She was right. The product on the bathroom floor looked like it was “placed” there, as opposed to falling to the tiles, which neither of us had heard. I picked it up and put it back on the shelf and snapped a photograph of it for good measure.
From the outside room I watched as Suzi took the last of her makeup off, before she turned again and looked down. Unseen by me, and untouched by my wife, the skin care product had again, been placed on the bathroom floor.
I opened my laptop and began to do a search of the family. Jackson Campbell was 17 years old in 1917 when his life was cut short. He had been hunting in Harrisburg with two of his cousins, when he was killed by an accidental shotgun discharged. Jackson was interned at the Eugene Pioneer Cemetery beside his father, Ira. My wife and I talked about it for several minutes, before we heard the inside handle of the bathroom door fall off again.
Neither my wife nor I had any previous encounters like this. If there was a ghost haunting the room, it was mischievous, and not a threat to us. Suzi then had a soft conversation with our “presence”. She thanked them for allowing us to stay in their room, and that we would respect their residency and asked for an uneventful night. We bed down and slept without further incident.
The next morning, the inside door handle of the bathroom was off again, and Suzi’s skin care was again on the ground. We had not heard the door handle come off during the night, and we accepted the movements for what they were. We were packing to depart when one of the Campbell House staff walked by the open door. Suzi brought her into the room, and advised her that the inside bathroom door handle had come off. The employee went pale, and said that the door handle had only recently started to “come off” despite being secured several times. She said that a recent guest who had stayed in the room, reported being uncomfortable with a painting that had hung over the fireplace, and requested that it be removed, or that they be reassigned to another room. When I asked, the employee indicated that the guest reported hearing a male voice in the painting tell her repeatedly that “it wasn’t an accident.”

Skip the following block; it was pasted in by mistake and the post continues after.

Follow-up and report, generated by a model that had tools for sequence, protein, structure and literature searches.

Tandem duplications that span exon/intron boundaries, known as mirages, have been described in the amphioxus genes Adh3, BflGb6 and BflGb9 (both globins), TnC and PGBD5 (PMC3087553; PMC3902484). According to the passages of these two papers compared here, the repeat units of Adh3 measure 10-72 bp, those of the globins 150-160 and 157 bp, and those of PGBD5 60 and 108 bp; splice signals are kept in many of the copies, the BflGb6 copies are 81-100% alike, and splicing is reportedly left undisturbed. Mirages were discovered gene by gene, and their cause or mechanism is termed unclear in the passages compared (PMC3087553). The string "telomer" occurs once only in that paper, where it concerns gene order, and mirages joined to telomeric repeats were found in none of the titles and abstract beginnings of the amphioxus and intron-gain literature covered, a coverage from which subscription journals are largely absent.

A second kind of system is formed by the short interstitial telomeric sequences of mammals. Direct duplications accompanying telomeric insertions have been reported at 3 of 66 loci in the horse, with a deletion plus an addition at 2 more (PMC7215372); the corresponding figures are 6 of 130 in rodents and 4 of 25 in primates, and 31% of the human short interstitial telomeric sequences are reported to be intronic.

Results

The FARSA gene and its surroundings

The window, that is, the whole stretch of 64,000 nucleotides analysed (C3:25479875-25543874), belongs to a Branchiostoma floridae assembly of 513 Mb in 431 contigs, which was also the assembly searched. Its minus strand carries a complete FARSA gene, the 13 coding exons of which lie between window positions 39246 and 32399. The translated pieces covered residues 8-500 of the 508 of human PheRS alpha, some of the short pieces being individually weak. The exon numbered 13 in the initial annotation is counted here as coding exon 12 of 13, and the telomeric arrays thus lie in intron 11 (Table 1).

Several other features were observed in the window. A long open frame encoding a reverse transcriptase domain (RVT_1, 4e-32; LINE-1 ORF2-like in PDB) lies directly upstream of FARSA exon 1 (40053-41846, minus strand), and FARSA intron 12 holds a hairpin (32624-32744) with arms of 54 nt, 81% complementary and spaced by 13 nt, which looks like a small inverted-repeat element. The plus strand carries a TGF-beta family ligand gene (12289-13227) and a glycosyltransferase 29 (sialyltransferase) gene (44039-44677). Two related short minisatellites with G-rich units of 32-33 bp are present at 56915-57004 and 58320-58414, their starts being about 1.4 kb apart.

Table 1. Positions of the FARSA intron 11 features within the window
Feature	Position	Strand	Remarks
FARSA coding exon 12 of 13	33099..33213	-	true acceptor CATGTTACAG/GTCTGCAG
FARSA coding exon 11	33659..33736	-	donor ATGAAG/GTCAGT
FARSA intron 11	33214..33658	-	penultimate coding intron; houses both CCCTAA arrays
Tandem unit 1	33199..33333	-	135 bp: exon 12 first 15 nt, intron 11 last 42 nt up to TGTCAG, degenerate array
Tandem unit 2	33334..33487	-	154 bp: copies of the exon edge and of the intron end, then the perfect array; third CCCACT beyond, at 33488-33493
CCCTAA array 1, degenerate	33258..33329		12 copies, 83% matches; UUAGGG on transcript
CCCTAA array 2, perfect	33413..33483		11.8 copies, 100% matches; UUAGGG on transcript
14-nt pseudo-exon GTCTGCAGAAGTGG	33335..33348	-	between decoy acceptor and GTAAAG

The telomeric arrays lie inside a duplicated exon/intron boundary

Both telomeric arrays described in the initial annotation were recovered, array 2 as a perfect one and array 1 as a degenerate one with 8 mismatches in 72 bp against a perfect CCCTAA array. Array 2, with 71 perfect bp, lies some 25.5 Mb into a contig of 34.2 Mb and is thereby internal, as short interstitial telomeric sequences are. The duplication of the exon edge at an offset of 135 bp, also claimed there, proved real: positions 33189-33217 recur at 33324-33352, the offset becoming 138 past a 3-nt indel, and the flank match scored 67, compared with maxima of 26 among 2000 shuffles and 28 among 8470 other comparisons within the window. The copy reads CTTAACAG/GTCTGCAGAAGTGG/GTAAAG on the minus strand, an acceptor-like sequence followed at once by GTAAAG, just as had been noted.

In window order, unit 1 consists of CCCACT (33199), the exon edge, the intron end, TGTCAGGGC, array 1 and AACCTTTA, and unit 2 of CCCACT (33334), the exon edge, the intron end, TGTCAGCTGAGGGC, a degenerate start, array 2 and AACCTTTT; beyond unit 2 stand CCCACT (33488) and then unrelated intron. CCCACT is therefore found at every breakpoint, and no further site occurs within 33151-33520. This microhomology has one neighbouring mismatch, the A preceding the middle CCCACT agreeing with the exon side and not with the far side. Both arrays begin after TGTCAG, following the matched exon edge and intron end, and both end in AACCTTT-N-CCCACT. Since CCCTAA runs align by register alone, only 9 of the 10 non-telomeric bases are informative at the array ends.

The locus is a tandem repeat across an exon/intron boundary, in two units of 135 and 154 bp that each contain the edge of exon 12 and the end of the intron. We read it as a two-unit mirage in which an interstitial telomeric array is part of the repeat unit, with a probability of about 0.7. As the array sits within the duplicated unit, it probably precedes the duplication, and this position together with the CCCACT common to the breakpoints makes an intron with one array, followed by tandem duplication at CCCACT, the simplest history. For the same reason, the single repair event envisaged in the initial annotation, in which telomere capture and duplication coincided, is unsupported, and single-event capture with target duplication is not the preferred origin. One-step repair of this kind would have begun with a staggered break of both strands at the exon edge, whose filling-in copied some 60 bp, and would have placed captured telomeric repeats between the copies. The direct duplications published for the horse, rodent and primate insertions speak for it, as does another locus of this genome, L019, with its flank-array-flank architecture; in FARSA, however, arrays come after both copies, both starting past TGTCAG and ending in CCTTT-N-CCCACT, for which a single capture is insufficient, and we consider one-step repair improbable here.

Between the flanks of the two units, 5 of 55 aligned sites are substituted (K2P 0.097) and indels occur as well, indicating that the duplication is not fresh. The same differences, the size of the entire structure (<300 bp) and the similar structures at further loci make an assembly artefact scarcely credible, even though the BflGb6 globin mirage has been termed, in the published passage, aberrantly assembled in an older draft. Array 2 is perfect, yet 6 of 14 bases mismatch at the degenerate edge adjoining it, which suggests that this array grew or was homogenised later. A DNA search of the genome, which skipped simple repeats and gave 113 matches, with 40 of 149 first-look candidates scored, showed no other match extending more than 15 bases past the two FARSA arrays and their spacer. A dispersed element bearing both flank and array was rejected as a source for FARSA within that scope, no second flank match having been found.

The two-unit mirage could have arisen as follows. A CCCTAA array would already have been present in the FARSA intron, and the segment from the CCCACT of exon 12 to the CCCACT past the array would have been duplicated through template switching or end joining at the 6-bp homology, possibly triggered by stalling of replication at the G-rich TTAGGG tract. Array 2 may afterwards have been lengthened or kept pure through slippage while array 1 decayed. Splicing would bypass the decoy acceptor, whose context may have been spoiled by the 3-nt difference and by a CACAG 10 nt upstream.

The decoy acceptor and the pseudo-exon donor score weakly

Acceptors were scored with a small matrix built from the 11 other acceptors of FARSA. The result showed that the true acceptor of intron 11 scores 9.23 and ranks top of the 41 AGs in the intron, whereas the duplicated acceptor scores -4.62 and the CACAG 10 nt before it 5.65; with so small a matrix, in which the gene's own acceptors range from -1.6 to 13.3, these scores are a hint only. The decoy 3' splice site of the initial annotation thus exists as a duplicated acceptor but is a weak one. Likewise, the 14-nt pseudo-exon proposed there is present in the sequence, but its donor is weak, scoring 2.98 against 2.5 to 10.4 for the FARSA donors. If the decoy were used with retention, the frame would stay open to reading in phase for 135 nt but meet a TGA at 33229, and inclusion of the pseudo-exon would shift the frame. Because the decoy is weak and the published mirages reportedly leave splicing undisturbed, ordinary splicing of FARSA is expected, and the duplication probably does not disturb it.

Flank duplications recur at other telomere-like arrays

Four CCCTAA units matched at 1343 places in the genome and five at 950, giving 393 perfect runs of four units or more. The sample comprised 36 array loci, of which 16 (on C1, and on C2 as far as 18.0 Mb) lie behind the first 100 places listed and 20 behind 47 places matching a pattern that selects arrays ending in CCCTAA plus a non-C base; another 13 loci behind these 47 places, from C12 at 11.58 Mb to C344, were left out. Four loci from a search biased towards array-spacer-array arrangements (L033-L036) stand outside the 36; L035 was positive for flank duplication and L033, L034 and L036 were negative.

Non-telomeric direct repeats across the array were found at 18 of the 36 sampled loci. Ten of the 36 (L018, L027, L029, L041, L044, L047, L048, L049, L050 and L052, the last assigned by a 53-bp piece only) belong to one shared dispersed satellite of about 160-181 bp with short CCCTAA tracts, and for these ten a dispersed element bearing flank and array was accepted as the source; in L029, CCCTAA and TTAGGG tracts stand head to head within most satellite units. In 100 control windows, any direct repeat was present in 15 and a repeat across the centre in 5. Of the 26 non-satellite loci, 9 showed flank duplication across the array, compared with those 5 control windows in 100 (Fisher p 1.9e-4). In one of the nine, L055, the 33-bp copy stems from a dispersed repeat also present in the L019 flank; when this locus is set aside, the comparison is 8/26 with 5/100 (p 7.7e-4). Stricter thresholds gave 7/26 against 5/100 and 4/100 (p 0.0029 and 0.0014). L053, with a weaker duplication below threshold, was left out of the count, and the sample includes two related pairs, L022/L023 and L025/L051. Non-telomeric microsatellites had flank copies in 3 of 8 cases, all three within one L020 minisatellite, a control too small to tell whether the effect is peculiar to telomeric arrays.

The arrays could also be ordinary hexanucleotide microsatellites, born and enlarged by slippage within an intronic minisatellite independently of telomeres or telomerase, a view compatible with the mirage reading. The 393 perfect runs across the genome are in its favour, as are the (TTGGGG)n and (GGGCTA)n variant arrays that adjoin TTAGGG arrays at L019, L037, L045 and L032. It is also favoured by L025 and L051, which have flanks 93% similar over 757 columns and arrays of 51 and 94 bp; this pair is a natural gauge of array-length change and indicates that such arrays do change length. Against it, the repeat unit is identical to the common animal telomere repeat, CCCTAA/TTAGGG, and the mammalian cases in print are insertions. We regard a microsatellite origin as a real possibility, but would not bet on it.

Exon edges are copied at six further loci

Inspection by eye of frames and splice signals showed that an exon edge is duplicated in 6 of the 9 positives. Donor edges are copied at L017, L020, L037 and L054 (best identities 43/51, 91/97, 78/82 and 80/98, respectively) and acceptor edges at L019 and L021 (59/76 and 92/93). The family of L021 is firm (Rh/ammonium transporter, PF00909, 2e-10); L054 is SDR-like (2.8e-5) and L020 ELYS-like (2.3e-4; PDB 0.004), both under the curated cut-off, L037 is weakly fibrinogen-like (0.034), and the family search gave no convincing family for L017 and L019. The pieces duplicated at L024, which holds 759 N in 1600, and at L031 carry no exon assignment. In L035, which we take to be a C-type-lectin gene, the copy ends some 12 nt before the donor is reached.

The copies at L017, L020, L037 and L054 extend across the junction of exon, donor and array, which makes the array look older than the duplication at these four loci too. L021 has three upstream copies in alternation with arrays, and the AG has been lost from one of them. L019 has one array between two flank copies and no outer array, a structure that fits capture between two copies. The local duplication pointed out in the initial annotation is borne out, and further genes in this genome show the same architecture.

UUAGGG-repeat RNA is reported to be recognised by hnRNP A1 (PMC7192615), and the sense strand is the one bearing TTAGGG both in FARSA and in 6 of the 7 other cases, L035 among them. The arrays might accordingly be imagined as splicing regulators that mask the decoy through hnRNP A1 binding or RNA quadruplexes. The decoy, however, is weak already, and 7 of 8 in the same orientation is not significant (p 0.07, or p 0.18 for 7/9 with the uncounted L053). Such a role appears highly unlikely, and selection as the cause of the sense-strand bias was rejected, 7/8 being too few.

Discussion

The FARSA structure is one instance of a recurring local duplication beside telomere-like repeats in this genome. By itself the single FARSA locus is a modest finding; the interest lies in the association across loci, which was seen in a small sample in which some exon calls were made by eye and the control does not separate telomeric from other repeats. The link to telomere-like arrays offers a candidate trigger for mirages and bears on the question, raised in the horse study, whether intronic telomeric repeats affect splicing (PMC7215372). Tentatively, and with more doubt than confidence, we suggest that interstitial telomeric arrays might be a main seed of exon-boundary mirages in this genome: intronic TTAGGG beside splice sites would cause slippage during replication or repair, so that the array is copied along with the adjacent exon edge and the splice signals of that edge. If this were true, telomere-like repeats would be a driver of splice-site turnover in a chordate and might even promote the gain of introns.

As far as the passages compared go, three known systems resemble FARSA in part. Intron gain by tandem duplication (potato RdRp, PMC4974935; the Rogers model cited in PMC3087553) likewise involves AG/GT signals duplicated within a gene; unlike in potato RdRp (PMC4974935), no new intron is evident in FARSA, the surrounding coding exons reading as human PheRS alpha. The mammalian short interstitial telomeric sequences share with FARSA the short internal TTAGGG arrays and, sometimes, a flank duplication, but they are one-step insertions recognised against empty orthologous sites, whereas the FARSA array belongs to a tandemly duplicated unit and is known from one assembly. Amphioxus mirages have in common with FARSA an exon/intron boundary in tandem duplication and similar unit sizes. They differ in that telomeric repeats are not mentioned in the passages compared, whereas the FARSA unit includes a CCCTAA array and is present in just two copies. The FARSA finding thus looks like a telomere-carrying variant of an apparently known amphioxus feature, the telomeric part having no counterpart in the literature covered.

After the employee left, a quick search of the internet found a photograph of the room, with a large painting of a hunting trip depicting Jackson Campbell. The space once occupied by the painting was now where the large screen television hung.
Our luggage was packed and we were about to leave when Suzi set her handbag on the end of the bed. We were standing at opposite corners having a debate about where to stop for breakfast, when her handbag flew four feet to the side, off the end of the bed. Both of us stood in silence for a moment, it was the first “occurrence” that both of us had seen. We both kneeled down and picked up the contents of her handbag before I started looking for the room key. The key wasn’t where I left it – on the writing table next to the car keys. I located the room key adjacent to the hand cream on the bathroom shelf.
With our luggage packed we left and settled up downstairs. To the reception officer, we thanked them for our stay and out of earshot of other guests, briefed them on our experiences. Nothing we said appeared out of the ordinary to them. After loading up the car outside, we stood in silence and looked at the room when had stayed in. As we stood there, one of the rooms’ wall mounted lights turned on, without either of us seeing a hand under the shade.
Neither of us are believers in the “supernatural” but there were some occurrences, minor in nature, which considered collectively, gave us pause to think. At no time did we think we were in danger, and at no time did any of the Campbell House staff shun our discussions. When we return later this year, we’ll confidently be asking to stay in the “other” downstairs room.
Epilogue: After writing the first draft of this story at our residency, I went into the bathroom to retrieve the name of the hand cream. Upon my return, large chunks of the story centering on the hand cream, had been removed, obliterated from the history and had to be rewritten. Photographs taken of the hand cream were now deleted from the story, and my camera.